A-J. Variance of regional proportions of the high DF area (% High DF Area) in the ten LA sections (R1–R10) during the nine DF analysis periods (T1–T9) among ten patients. Yellow bars represent the highest % High DF Area among the ten LA sections. The % High DF Area represents the regional proportion of the highest 10% DF area (the highest 10% DF area / area of each LA section). R7–R10 represents the four pulmonary veins. The high DF area was consistently located in the pulmonary vein area in each patient (Panel 4D). K. The coefficients of variation from the overall analysis of the periods (T1–T9) in each region for all patients.

B. Spatiotemporal consistency of the high DF area in each LA section

The coefficient of variation (standard deviation / mean) was used to quantify the temporal variability for the regional proportion of the high DF area during the overall analysis time periods (T1–T9) in each LA section for all patients (Fig 4K). There was a significant difference in the coefficient of variation for each LA section during the overall DF analysis of the time periods. The average temporal coefficient of variation was 88.5 ± 27.7%. Comparison of the temporal coefficients of variation among the ten LA sections (R1–R10) also showed significant differences (p < 0.001). The temporal coefficients of variation for the % High DF Area were significantly higher in the four pulmonary vein areas (R7–R10), the LA appendage (R3), and the peri-mitral area (R4) than in the other LA regions (101.5 ± 25.9% vs. 69.0 ± 16.8%, p < 0.001).

C. Virtual ablation for the high DF area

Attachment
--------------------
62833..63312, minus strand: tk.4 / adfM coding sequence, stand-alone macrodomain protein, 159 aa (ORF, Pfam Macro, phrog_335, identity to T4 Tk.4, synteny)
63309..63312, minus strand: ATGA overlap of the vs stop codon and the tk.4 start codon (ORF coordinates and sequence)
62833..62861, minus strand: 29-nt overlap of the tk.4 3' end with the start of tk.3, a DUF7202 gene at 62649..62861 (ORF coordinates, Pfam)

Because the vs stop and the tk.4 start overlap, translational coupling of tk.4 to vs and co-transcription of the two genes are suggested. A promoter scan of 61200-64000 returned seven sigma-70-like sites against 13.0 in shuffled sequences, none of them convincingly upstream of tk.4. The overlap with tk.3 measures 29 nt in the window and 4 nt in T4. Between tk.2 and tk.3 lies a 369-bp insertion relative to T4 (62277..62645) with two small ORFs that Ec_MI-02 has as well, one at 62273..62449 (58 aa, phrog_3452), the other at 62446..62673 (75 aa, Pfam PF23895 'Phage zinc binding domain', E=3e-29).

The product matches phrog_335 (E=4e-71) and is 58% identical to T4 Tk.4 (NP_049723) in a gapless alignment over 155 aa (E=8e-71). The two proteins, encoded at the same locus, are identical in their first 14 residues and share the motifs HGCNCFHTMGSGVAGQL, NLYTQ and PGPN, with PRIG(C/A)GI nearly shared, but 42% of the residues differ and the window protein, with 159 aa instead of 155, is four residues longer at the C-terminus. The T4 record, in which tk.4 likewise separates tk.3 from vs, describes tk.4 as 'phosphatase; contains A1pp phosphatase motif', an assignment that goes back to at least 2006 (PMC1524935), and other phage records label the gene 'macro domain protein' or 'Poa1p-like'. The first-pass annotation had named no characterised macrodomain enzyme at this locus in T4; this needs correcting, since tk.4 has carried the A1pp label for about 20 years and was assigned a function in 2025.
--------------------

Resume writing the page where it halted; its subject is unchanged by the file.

Although the high DF area seemed to be highly variable spatially and temporally in the majority of patients, we tested virtual ablation for the high DF area to examine whether the ablation terminated or defragmented AF (changing to atrial tachycardia) within 30 seconds after ablation. Virtual ablations were conducted on the 10%, 15%, and 20% highest DF sites in each time period (T1–T9) for each patient (overall 270 cases of high DF ablation). Fig 3 shows representative examples of the outcomes after virtual DF ablation. After virtual DF ablation, AF is terminated (Fig 3A), changed to organized atrial tachycardia (Fig 3B), or maintained (Fig 3C), depending on the AF conditions. Table 2 compares the outcome of virtual DF ablation depending on the extent of ablation. In the 10% highest DF ablation, AF was changed to AT or terminated in 40.0% of cases (36 of 90). In the 15% and 20% highest DF ablations, AFs were terminated or defragmented in 56.7% (51 of 90) and 75.6% (68 of 90), respectively (p < 0.001). It is unclear whether delayed AF termination or conversion to AT in 30 s was due to a DF site ablation effect or co-incidental wave-dynamic changes; nevertheless, the extent of DF ablation significantly affected the outcomes of virtual ablation.